}

    @Override
    public ObjectMapper getContext(Class<?> type) {
        return MAPPER;
    }  
}

Resource class

@Path("person")
public class LocalDateResource {

    @GET
    @Produces(MediaType.APPLICATION_JSON)
    public Response getPerson() {
        Person person = new Person();
        person.birthDate = LocalDate.now();
        return Response.ok(person).build();
    }

    @POST
    @Consumes(MediaType.APPLICATION_JSON)
    public Response createPerson(Person person) {
        return Response.ok(
                DateTimeFormatter.ISO_DATE.format(person.birthDate)).build();
    }

    public static class Person {
        public LocalDate birthDate;
    }
}

Test

curl -v http://localhost:8080/api/person Result: {"birthDate":"2015-03-01"}

curl -v -POST -H "Content-Type:application/json" -d "{\"birthDate\":\"2015-03-01\"}" http://localhost:8080/api/person Result: 2015-03-01


See also here for JAXB solution.

UPDATE

The JSR310Module is deprecated as of version 2.7 of Jackson. Instead, you should register the module JavaTimeModule. It is still the same dependency.


@JsonSerialize and @JsonDeserialize worked fine for me. They eliminate the need to import the additional jsr310 module:

@JsonDeserialize(using = LocalDateDeserializer.class)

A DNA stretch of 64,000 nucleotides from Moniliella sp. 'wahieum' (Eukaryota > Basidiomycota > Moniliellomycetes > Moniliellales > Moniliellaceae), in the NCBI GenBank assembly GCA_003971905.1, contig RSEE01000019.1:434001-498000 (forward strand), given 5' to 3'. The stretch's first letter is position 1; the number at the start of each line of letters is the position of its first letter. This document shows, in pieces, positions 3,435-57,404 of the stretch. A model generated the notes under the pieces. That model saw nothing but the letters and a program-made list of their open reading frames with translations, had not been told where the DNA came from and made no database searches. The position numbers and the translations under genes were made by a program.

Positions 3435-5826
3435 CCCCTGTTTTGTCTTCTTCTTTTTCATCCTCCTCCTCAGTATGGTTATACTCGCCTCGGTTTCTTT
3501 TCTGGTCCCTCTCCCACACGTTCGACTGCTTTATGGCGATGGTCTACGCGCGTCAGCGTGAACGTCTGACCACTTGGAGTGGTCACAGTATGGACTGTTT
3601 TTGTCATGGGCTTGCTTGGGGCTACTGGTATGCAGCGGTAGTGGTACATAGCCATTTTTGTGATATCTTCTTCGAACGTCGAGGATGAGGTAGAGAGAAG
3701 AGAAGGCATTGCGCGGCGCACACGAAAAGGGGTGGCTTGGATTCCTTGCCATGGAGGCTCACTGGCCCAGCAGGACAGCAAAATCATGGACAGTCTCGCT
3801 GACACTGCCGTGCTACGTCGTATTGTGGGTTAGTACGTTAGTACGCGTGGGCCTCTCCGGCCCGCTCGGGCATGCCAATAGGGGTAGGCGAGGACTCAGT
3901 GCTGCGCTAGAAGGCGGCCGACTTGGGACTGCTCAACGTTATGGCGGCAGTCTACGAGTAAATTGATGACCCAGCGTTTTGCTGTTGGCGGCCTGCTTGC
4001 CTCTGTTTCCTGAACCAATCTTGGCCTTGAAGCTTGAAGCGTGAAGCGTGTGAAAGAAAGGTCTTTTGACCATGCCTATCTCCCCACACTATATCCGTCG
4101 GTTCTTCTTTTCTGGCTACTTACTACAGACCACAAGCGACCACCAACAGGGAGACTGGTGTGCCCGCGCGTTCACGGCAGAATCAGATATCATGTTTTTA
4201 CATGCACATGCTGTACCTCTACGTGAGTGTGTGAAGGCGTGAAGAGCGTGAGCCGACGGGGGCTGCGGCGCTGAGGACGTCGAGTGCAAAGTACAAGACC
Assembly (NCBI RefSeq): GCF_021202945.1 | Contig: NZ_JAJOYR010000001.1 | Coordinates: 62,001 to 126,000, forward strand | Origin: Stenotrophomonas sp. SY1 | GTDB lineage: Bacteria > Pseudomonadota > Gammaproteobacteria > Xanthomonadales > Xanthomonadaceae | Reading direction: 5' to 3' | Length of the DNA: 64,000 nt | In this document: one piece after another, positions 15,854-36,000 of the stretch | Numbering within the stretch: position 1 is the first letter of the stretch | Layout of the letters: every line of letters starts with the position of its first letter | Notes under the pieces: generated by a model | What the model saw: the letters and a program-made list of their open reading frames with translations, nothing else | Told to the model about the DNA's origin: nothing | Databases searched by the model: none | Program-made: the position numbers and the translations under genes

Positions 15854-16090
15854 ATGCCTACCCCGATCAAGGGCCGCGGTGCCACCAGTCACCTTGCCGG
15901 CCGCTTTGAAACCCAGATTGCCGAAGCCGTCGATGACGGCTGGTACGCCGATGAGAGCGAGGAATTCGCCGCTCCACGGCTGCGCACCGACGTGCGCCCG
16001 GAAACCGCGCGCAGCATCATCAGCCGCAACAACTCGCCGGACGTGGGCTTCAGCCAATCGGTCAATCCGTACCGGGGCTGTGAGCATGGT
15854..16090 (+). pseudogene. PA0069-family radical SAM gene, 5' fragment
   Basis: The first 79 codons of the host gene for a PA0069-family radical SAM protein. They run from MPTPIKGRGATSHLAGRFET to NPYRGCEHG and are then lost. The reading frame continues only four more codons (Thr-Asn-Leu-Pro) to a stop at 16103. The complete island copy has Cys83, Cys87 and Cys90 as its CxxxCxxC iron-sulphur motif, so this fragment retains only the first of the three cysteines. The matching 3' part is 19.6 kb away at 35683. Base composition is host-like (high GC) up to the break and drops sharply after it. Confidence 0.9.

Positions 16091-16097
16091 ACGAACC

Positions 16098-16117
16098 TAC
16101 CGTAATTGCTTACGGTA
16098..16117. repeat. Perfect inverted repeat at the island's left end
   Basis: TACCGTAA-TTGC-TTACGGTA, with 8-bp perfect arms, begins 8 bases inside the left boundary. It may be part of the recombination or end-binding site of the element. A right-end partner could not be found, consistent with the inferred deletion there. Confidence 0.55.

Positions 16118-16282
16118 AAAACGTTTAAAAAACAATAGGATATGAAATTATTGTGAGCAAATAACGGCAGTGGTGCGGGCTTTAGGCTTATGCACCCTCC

@JsonSerialize(using = LocalDateSerializer.class)  
private LocalDate dateOfBirth;

Deserializer:

public class LocalDateDeserializer extends StdDeserializer<LocalDate> {

    private static final long serialVersionUID = 1L;

    protected LocalDateDeserializer() {
        super(LocalDate.class);
    }


    @Override
    public LocalDate deserialize(JsonParser jp, DeserializationContext ctxt)
            throws IOException, JsonProcessingException {
        return LocalDate.parse(jp.readValueAs(String.class));
    }

}

Serializer:

public class LocalDateSerializer extends StdSerializer<LocalDate> {

    private static final long serialVersionUID = 1L;

    public LocalDateSerializer(){
        super(LocalDate.class);
    }

    @Override
    public void serialize(LocalDate value, JsonGenerator gen, SerializerProvider sp) throws IOException, JsonProcessingException {
        gen.writeString(value.format(DateTimeFormatter.ISO_LOCAL_DATE));
    }
}

        ObjectMapper mapper = new ObjectMapper();
        mapper.registerModule(new JavaTimeModule());
        mapper.configure(SerializationFeature.WRITE_DATES_AS_TIMESTAMPS, false);

works fine for me.


In spring boot web app, with 'jackson' and 'jsr310' version "2.8.5"